The Americans with Disabilities Act prohibits employers from discriminating against employees or applicants on the basis of disability (or perceived disability) and mandates that employers provide reasonable accommodation (upon request) if said accommodation would enable an individual to complete the application process or perform the essential functions of the job. Employers are not required to provide an accommodation that would be an undue hardship, and employers don’t have to provide the exact accommodation an employee requests. Employers must, however, consider the request.
And this is where most employers who get in trouble, get in trouble. They simply don’t consider the request.
“Consider the request” does not mean running it through your head quickly and then saying “Bah! I don’t want to be bothered with that! So and so is a pain and always asking for something.” Just so you know.
Instead, once approached, an employer is obligated to enter into what’s called the “interactive process,” which could also be likened to a productive conversation (a totally non-legal term that I just made up) to determine what reasonable measure the employer might be able to affect.
Attorney Lorene Schaefer, who’s also the President and Cofounder of the Workplace Investigations Group, the workplace investigations division at One Mediation, says it all in the title of a recent blog posting: "Yes, the Mandatory ADA Interactive Process Means Employers Have to Actually Discuss Potential Accommodations with Employees."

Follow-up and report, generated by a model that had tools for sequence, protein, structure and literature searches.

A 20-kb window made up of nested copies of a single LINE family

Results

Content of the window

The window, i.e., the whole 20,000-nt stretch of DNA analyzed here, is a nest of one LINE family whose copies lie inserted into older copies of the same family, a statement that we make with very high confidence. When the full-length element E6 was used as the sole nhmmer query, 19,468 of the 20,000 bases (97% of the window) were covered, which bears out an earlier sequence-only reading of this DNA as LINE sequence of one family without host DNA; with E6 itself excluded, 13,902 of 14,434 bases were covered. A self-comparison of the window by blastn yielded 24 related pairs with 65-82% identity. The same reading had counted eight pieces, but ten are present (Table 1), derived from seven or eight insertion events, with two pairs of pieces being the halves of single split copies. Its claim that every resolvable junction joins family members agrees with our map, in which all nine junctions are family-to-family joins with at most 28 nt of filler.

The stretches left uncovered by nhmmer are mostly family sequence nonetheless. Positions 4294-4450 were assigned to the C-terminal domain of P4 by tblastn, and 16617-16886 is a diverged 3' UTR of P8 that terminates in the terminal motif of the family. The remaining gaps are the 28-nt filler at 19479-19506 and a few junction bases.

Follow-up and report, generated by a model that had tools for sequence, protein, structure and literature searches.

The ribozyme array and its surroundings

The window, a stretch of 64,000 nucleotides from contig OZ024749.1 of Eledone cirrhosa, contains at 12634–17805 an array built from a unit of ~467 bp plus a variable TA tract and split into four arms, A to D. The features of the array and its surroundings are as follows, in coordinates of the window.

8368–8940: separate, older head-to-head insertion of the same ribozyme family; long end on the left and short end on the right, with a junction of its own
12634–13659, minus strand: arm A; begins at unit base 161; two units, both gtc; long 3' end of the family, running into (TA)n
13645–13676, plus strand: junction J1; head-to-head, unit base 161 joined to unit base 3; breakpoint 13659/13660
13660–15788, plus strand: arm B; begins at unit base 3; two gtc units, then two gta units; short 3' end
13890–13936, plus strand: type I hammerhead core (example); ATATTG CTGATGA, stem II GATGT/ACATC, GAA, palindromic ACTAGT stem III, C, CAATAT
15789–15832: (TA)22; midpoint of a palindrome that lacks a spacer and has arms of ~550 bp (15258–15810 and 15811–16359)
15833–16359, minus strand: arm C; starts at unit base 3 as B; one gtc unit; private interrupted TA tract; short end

Keep in mind that what’s reasonable for one employer won’t be reasonable for another and vice versa depending on employer resources. Also keep in mind that the request need not be reasonable for the employer to still be at fault for not discussing it. In other words, even if the request is kind of nuts (or seems kind of nuts), the employer is still obliged to consider it, and if an employer is sued and can’t prove she considered it, well, she’ll be in trouble.
Here’s what Schaefer has to say:
“Talk to your employees when they ask for an accommodation. Document that you have discussed their request with them. Document your decision making process.
You don’t have to agree to a request for accommodation unless its reasonable, but you do need to discuss it. Perhaps as importantly, you should be prepared to demonstrate to the EEOC and to a plaintiff’s attorney if necessary that you discussed it.”
I’d add—talk to your HR rep, please. Unless you’ve been reading about this stuff for years, it’s easy to make a mistake without even realizing it. Refusing to properly consider a request for reasonable accommodation is one thing. Summarily dismissing a request for reasonable accommodation without even realizing it was an ADA request is even worse. (Well, maybe not legally. But it seems worse, somehow.)
Finally, don’t forget that reasonable accommodations come in all forms. An altered schedule could be considered a reasonable accommodation, as might time off, or a job duty modification. Also, the courts have been clear that an undue hardship is not the same thing as a mere inconvenience. And I don’t care how annoying that employee is—she’s still due the full protection of the law.
So let’s recap.
Assuming your employee (or the applicant) is covered under the ADA, when you’re approached with a request for reasonable accommodation you should:
- begin the interactive process (seeking counsel from your HR rep or attorney if appropriate)
- document the conversation and your decision-making process
- promptly communicate your decision and the reason for it to your employee (or applicant)
Okay, fine, I lied a little. Following these steps is no guarantee you won’t land in court. But, do these things, and it’s much more likely that if you do land in court you’ll be in a better position to defend yourself.